Highly Contagious B.1.1.7 Variant Now In Every State

Highly Contagious B.1.1.7 Variant Now In Every State

Every state in the US now had the highly contagious Covid-10 variant  first identified in the UK  and experts worried  that  the spreading variants could trigger another surge, CNN reported.

Highly Contagious B.1.1.7 Variant Now In Every State

Dr. Michael Osterholm, director for the Center for Infectious Disease Research Policy at the University of Minnesota said that though America appeared to have left the pandemic behind, the virus appeared to be looking to stick around. 

Highly Contagious B.1.1.7 Variant Now In Every State

The US had reported over 15,000 cases of the B.1.1.7 coronavirus variant, which also appeared to be more deadly. Meanwhile, as the US raced to ensure timely vaccinations  for Americans, many experts were urging people  to continue with the precautions for some more time. 

According to Osterholm, the existing vaccines were highly effective against the variants, but the bad news was that the  US might  not  be able to avoid another surge as it looked likely to fail  in vaccinating enough people in time.

Osterholm told Erin Burnett of CNN, that the US would not  have  enough vaccines, the  way the  program was progressing. He added not enough Americans would be getting the vaccines in their arms to stop the surge. He added, it was just simply not happening.

He added and though the pace with which the US was vaccinating was  around five times faster than the global average, with at least  one  shot  administered to 40% of adults, lower income countries with limited vaccine access could put the many  regions into jeopardy.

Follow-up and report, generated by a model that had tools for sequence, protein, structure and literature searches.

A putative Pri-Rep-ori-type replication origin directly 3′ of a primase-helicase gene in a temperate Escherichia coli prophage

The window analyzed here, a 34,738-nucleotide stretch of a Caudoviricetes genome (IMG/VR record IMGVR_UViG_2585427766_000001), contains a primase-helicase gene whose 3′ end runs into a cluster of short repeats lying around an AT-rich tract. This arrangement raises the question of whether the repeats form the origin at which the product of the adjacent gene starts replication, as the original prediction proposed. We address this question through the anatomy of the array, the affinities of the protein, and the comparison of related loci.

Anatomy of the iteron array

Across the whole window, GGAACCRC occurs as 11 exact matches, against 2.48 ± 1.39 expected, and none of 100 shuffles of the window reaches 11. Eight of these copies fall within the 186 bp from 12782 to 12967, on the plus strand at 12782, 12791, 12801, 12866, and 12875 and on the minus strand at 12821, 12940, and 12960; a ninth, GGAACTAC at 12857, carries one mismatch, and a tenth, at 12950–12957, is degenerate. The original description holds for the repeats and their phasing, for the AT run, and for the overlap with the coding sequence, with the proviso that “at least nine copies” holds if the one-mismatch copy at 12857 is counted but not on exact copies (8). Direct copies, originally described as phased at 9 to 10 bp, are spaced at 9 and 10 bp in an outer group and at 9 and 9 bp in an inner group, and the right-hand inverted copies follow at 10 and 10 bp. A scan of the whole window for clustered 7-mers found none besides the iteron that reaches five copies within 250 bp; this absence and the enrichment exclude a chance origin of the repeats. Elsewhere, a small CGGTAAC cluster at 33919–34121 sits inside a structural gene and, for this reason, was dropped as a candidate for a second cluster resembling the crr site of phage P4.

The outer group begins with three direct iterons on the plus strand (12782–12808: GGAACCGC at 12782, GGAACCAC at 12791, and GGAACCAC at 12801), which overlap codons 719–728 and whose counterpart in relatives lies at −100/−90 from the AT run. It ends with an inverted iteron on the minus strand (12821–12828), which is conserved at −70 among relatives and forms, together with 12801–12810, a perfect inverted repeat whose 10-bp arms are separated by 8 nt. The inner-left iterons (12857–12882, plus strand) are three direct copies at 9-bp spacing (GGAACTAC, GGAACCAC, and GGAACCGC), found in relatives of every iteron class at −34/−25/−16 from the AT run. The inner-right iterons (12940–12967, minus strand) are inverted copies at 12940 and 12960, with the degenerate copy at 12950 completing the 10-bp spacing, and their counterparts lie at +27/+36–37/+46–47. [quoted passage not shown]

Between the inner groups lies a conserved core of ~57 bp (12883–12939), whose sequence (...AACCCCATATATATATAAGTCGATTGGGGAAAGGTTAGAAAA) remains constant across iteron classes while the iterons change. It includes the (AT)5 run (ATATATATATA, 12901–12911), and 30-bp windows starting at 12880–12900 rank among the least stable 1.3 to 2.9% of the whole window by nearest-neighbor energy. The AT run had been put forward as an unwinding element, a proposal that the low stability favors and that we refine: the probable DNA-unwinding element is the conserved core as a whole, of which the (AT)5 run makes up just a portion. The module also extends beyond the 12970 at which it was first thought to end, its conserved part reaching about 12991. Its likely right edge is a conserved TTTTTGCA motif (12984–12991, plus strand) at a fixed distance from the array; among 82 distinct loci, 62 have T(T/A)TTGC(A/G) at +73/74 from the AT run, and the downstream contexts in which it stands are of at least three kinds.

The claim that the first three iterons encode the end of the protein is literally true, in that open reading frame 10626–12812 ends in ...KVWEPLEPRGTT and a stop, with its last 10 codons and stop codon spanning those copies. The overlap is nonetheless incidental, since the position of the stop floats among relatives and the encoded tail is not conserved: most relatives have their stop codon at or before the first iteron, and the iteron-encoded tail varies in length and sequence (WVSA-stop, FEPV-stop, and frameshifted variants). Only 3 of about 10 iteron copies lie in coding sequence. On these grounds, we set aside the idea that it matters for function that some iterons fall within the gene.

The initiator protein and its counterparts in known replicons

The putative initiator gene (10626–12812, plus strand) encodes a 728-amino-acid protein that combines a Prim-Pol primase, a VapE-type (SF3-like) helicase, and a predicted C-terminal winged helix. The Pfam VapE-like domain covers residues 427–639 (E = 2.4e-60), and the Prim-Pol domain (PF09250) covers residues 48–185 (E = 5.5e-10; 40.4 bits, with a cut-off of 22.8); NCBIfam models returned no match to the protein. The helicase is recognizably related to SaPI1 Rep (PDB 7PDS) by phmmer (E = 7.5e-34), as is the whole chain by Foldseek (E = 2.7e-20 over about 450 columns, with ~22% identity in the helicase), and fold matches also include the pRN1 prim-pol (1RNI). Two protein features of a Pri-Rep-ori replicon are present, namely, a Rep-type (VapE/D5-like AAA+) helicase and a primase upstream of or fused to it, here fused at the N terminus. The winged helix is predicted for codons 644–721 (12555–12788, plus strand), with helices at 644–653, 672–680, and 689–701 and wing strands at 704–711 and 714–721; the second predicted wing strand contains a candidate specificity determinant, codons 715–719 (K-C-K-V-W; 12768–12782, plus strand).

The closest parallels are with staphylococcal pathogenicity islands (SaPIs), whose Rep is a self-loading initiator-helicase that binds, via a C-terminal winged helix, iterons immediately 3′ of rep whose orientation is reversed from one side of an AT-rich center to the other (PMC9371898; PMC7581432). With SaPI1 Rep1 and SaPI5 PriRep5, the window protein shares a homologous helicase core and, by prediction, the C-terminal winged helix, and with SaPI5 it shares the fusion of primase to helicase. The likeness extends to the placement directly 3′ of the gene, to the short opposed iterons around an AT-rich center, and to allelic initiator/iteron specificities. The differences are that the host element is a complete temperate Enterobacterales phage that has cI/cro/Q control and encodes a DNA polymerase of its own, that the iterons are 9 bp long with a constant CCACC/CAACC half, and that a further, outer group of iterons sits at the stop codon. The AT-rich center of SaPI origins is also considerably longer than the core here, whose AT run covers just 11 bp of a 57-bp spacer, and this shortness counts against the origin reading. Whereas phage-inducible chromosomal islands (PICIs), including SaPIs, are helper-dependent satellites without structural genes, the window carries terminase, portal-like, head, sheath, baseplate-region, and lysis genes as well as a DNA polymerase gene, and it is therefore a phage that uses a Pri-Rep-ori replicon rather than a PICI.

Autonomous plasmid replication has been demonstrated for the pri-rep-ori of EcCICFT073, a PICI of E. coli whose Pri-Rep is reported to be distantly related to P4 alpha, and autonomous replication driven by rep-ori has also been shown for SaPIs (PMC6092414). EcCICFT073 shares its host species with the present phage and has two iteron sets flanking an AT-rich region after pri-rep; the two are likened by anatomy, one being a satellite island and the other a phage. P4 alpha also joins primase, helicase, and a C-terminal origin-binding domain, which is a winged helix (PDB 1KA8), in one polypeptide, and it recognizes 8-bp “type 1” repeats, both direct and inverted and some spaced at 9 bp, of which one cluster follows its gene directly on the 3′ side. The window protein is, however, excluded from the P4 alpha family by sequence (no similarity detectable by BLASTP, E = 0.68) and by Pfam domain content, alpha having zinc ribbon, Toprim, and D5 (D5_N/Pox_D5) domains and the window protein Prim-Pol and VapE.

On the plus  side, the conditions obtained in the US could help stave off  another surge: higher rate of vaccination, a significant population percentage infected and warmer weather ahead, according to Dr. Paul Offit, a member of the FDA Vaccines Advisory Committee.

Meanwhile, the White House  said  Monday that there would be  enough vaccines to cover  all  Americans by the end of May. Meanwhile several states had started returning to normalcy.

Meanwhile, Mayor Washington DC Muriel Bowser, was urging residents to get vaccinated at the earliest and was also lifting many restrictions from May 1.  

In Washington, DC, Mayor Muriel Bowser was calling for residents to get vaccinated as soon as they had the chance. She was also loosening many restrictions beginning May 1. It would include seated live entertainment indoors at 25% capacity, and recreation centers, galleries, libraries, museums, galleries and non-essential retail would be able to resume operations with 50% capacity outdoors and indoors.

She said it was known that some increase in cases was expected this month, but continued safeguards and vaccinations, that later in the month would  see the cases reduced.  She reminded that residents got themselves vaccinated as soon as they had the opportunity.

Bowser was one of  many state and local leaders easing restrictions, but continuing with precautions was still a crucial part of fighting the virus, Dr. Ashish Jha, Dean of Brown University School of Public Health, told CNN’s Wolf Blitzer.

Jha said the US was not there yet and the variants were making it especially concerning. He added the US needed to hunker down for a few more weeks, adding that the US was close to the finish line; it was not the time to stop.

Covid-19 cases had been rising for four straight weeks partly due to the spread of variants, according to US Centers for Disease Control and Prevention, director Dr. Rochelle Walensky.

Michigan reported its highest count of daily cases since November, at over 11,000 on Monday, as per Johns Hopkins University data. Only eight weeks ago the number was at a low 563 in a day.

Also, across the state, there were at least 81 new clusters in K-12 schools, data released by the Michigan Department of Health and Human Services said on Monday.